Page 79
He who has experienced in himself the joy of a Socratic perception, and felt how it seeks to embrace, in constantly widening circles, the entire world of phenomena, will thenceforth find no stimulus which could urge him to existence more forcible than the desire to complete that conquest and to knit the net impenetrably close.
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makes every picture, and indeed every scene of real life and of the world, at once appear with higher significance; all the more so, to be sure, in proportion as its melody is analogous to the inner spirit of the given phenomenon.
Page 97
What delightfully naïve hopefulness of these daring endeavours, in the very heart of theoretical culture!--solely to be explained by the comforting belief, that "man-in-himself" is the eternally virtuous hero of the opera, the eternally fluting or singing shepherd, who must always in the end rediscover himself as such, if he has at any time really lost himself; solely the fruit of the optimism, which here rises like a sweetishly seductive column of vapour out of the depth of the Socratic conception of the world.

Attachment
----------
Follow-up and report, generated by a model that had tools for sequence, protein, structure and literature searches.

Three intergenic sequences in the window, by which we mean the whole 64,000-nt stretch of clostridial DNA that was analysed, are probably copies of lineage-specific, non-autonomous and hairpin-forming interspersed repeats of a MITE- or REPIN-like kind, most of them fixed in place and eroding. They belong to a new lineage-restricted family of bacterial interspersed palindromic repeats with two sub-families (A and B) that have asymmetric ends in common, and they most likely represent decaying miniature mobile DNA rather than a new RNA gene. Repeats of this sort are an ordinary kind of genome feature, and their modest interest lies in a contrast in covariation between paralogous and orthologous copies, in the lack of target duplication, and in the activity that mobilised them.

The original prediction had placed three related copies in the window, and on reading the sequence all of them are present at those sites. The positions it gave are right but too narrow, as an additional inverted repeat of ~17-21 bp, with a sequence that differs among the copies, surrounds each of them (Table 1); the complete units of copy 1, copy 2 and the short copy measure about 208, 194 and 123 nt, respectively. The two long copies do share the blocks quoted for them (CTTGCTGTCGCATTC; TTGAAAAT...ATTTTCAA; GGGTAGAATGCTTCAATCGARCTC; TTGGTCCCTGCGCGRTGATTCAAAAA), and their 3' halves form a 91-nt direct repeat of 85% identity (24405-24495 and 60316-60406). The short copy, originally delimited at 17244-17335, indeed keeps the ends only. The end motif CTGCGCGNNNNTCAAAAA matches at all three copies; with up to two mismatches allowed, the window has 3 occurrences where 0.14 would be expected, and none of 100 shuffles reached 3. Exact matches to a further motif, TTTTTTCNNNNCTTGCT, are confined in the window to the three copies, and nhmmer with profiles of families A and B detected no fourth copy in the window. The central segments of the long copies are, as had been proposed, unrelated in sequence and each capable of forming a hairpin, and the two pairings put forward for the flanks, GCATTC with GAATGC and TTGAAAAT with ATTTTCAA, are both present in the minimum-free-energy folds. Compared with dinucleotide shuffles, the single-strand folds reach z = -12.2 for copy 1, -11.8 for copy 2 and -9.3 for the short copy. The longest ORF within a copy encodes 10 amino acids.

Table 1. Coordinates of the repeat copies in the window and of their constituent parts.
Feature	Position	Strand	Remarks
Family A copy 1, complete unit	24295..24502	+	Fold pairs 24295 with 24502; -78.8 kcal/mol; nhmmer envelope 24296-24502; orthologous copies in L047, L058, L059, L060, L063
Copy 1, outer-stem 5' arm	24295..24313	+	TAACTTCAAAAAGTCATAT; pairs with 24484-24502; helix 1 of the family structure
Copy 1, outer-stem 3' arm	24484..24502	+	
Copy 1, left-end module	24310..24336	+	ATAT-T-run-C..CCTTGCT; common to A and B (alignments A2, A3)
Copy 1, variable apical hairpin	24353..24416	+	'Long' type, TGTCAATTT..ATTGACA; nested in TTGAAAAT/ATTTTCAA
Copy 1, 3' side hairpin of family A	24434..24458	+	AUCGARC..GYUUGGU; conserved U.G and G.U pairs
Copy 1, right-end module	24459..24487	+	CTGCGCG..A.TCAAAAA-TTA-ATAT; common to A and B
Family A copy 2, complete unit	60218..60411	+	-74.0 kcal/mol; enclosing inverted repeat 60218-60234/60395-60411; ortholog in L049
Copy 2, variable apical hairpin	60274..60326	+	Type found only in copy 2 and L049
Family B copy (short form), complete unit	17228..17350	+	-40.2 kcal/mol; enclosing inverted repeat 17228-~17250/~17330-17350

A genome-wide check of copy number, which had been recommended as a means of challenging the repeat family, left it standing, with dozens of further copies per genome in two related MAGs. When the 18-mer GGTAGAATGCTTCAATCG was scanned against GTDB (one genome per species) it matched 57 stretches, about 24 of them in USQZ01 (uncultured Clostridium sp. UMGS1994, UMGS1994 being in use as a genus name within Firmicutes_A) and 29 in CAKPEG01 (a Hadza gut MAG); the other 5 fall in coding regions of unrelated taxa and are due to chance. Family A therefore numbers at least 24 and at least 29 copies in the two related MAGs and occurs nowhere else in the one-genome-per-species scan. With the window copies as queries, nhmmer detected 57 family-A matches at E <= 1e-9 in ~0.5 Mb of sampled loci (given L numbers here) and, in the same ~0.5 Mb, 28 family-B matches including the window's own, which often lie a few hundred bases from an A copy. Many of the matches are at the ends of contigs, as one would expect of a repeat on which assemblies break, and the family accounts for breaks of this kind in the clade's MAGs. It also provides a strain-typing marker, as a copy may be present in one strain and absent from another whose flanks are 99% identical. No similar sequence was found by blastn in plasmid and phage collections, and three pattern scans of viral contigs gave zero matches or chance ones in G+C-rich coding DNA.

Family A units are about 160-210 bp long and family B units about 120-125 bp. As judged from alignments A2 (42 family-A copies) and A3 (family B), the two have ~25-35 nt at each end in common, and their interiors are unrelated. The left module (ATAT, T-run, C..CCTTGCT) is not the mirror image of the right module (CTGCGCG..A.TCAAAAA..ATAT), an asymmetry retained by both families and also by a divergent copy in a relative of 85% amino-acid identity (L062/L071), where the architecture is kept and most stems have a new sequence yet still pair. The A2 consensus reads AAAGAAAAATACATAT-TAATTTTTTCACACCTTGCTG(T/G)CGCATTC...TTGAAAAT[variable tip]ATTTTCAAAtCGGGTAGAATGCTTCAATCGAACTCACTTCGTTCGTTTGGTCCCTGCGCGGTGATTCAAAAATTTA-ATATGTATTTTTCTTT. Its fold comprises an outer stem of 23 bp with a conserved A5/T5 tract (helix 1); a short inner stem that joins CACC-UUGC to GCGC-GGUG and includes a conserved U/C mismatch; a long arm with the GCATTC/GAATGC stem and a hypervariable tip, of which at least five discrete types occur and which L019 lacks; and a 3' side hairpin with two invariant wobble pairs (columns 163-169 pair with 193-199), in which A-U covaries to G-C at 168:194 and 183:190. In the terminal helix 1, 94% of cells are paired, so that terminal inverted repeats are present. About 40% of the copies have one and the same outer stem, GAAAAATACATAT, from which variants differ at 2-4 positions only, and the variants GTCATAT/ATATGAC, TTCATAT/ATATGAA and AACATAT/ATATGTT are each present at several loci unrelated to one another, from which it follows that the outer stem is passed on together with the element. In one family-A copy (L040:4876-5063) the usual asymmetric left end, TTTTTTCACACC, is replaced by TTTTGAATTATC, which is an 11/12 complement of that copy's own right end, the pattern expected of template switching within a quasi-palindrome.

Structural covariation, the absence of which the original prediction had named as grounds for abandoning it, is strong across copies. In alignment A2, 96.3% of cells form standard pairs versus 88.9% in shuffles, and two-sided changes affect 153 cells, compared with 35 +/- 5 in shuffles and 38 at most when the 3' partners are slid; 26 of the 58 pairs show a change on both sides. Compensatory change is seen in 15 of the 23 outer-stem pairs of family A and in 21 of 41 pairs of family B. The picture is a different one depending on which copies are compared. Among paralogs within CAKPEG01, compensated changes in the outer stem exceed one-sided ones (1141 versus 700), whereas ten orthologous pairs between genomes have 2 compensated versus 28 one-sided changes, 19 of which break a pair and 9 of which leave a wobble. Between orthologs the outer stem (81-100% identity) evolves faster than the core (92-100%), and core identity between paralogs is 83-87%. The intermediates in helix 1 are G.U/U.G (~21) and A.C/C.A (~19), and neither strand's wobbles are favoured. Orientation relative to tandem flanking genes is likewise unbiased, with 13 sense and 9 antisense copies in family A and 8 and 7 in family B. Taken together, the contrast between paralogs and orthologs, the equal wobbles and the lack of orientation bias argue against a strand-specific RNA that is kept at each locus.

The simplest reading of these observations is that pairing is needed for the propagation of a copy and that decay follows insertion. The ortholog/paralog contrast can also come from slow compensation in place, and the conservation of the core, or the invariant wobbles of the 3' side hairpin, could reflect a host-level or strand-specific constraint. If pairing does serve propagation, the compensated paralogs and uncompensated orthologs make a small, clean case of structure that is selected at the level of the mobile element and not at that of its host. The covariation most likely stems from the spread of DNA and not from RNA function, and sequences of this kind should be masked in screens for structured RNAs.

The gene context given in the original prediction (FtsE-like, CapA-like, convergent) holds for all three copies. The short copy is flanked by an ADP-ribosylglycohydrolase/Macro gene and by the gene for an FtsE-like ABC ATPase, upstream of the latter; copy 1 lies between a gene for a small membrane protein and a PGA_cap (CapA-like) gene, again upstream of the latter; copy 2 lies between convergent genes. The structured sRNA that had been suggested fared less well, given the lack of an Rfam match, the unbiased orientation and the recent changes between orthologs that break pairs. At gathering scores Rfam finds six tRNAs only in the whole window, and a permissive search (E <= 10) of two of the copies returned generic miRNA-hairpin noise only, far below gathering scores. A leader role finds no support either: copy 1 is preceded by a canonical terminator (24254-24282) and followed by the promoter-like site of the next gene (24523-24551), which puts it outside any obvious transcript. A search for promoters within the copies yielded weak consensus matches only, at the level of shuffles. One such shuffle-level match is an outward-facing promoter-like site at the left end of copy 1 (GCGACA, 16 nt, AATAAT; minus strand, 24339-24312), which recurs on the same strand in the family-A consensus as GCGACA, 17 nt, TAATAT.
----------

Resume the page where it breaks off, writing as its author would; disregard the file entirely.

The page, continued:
Page 101
But must not an entire domain of culture, namely the Socratic-Alexandrine, have exhausted its powers after contriving to culminate in such a daintily-tapering point as our present culture? When it was not permitted to heroes like Goethe and Schiller to break open the enchanted gate which leads into the Hellenic magic mountain, when with their most dauntless striving they did not get beyond the longing gaze which the Goethean Iphigenia cast from barbaric Tauris to her home across the ocean, what could the epigones of such heroes hope for, if the gate should not open to them suddenly of its own accord, in an entirely different position, quite overlooked in all endeavours of culture hitherto--amidst the mystic tones of reawakened tragic music.
Page 102
It is the people of the tragic mysteries who fight the battles with the Persians: and again, the people who waged such wars required tragedy as a necessary healing potion.
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Without myth, however, every culture loses its healthy, creative natural power: it is only a horizon encompassed with myths which rounds off to unity a social movement.